It took years for Kareem to be diagnosed, so we’ve been playing catch up with figuring out how to support him and his new needs in a short amount of time. As a sibling you’re in a unique position – one a friend, a cousin, a parent or partner cannot replace. I wanted to share some of the lessons I’ve learned and ideas from the accelerated experience we’ve had, as brother and sister, now with CF thrown in the mix.
1. Never assume there is anything that your sibling can’t do. This one is most important and is the point he repeated when I bothered him for help with this article. Unless they say, or seem to be really struggling with something, ask first if they need help. Otherwise, it can make them feel like they have another parent, rather than a sibling who’s their teammate they can tag in for a boost.
2. Their life is not all about CF – CF is not all of them. It is only a part. Don’t treat them as though they are a walking CFTR channel!
3. When they’re unwell or in hospital, use some time that would’ve normally been family time to make preparations for them. Do they want you to download some Netflix shows? Could you let them borrow your laptop or toiletries bag? You know all your sibling’s little quirks and their favourite pick-me-ups that the world doesn’t get to see. A favourite game? Favourite crisps they shove into sandwiches? A drawing from their room? In tougher times they might find it harder to reach out and explain the bigger challenges to their friends. Us siblings see the normal routine, and how it’s harder when they’re unwell. So step up.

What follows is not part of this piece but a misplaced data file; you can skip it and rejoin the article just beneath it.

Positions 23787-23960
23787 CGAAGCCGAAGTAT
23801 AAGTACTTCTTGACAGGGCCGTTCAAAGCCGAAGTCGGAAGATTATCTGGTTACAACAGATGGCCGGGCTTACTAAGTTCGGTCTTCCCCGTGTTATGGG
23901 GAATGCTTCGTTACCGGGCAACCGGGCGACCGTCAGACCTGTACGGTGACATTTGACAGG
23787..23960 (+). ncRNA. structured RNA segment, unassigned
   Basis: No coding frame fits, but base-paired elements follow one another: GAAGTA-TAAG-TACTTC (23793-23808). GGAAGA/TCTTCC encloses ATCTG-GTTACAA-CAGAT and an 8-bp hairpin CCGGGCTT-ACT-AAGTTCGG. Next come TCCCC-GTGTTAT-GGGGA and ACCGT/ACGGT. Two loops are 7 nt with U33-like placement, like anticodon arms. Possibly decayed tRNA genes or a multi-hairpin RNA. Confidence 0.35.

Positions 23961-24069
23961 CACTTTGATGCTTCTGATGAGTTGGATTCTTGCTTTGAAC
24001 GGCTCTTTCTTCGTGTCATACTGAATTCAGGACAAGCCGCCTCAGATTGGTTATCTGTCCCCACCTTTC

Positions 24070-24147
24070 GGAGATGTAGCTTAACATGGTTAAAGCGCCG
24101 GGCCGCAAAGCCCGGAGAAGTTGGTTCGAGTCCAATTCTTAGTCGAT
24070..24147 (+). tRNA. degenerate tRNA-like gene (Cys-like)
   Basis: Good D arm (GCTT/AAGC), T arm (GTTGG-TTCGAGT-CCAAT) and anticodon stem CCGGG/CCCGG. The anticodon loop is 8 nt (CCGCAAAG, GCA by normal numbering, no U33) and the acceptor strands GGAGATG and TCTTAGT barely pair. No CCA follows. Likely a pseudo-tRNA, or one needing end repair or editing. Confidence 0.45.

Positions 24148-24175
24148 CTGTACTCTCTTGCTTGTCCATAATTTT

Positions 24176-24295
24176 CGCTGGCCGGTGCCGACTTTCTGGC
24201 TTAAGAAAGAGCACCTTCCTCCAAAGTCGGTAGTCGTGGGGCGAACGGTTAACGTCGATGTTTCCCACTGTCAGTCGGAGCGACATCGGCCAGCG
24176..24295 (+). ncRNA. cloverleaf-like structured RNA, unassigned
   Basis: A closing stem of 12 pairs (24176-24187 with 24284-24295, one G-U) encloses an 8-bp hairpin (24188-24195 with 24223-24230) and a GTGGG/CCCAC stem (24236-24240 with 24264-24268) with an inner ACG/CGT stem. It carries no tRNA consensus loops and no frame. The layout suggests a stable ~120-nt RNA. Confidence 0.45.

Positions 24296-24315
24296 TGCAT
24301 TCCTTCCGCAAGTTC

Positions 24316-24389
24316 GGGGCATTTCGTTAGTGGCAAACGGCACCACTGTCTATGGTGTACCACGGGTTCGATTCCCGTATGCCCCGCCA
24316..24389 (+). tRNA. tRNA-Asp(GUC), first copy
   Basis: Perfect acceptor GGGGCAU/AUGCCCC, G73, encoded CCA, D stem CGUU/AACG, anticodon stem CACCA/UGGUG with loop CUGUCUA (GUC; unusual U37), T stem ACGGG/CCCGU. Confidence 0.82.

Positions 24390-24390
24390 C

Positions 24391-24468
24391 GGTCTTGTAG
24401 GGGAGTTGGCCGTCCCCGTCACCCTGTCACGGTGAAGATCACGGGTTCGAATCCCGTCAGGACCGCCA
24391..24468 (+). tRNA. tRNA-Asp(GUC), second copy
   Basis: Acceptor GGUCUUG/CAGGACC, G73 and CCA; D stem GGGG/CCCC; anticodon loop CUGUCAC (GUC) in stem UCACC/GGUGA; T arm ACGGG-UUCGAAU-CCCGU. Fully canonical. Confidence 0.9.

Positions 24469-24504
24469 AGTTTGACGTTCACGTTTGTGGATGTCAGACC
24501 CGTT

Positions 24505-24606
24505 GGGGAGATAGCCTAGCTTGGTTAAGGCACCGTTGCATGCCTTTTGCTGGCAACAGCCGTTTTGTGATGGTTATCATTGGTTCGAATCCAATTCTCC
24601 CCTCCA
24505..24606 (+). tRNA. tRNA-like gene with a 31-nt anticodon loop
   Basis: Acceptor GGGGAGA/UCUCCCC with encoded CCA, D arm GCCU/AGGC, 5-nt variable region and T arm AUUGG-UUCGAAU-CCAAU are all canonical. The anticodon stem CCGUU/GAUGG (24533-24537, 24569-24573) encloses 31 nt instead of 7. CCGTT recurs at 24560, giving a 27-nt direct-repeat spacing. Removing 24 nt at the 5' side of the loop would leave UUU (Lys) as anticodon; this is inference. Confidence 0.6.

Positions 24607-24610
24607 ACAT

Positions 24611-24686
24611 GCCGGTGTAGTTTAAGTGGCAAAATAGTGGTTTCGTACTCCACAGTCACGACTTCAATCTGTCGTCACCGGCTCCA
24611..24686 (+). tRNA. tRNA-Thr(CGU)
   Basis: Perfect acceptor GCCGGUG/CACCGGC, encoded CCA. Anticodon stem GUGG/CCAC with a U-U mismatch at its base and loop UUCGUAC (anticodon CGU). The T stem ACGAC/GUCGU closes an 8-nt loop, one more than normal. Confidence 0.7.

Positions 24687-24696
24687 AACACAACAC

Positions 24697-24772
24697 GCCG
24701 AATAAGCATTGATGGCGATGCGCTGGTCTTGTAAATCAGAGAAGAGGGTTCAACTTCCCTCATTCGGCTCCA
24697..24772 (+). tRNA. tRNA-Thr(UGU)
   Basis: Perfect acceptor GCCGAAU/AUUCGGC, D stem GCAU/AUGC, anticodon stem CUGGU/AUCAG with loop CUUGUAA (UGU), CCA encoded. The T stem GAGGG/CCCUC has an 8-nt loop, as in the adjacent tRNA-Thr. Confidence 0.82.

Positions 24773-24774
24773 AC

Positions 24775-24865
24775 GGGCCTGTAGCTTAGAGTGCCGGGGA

4. Ask them for help too! Ask for their shoulder when you’re down, or worried about them. They’ll have some great advice, being warriors in their own right, and it means when they’re down they’ll be more confident you can be there for them too. But remember, just like you, sometimes they might want to be left alone!
5. Since they already need to sit and attack their meds several times a day, another seven reminders won’t help them feel your relationship is deeper than cystic fibrosis. Make it a habit to always ask about other important things in their life first, like a project, their friends or a hobby, before asking if they’re feeling well that day.
It can be really hard. Sometimes you feel guilty. Was it complete chance, the roll of a four-sided dice of alleles, the hand of divine intervention? However you see it, it feels unfair your sibling has to suffer and not you. But I’ve learned there’s no use in pondering over these huge unanswerable questions. So, I hide behind his door and throw a KitKat at him instead. (I advise you choose their chocolate of choice, and not to aim for the head like I ‘accidentally’ do!)
If you have an idea for the next Young Voices feature in CF Life magazine or would like to share your views, get in touch on Twitter @cftrustyouth or email email@example.com.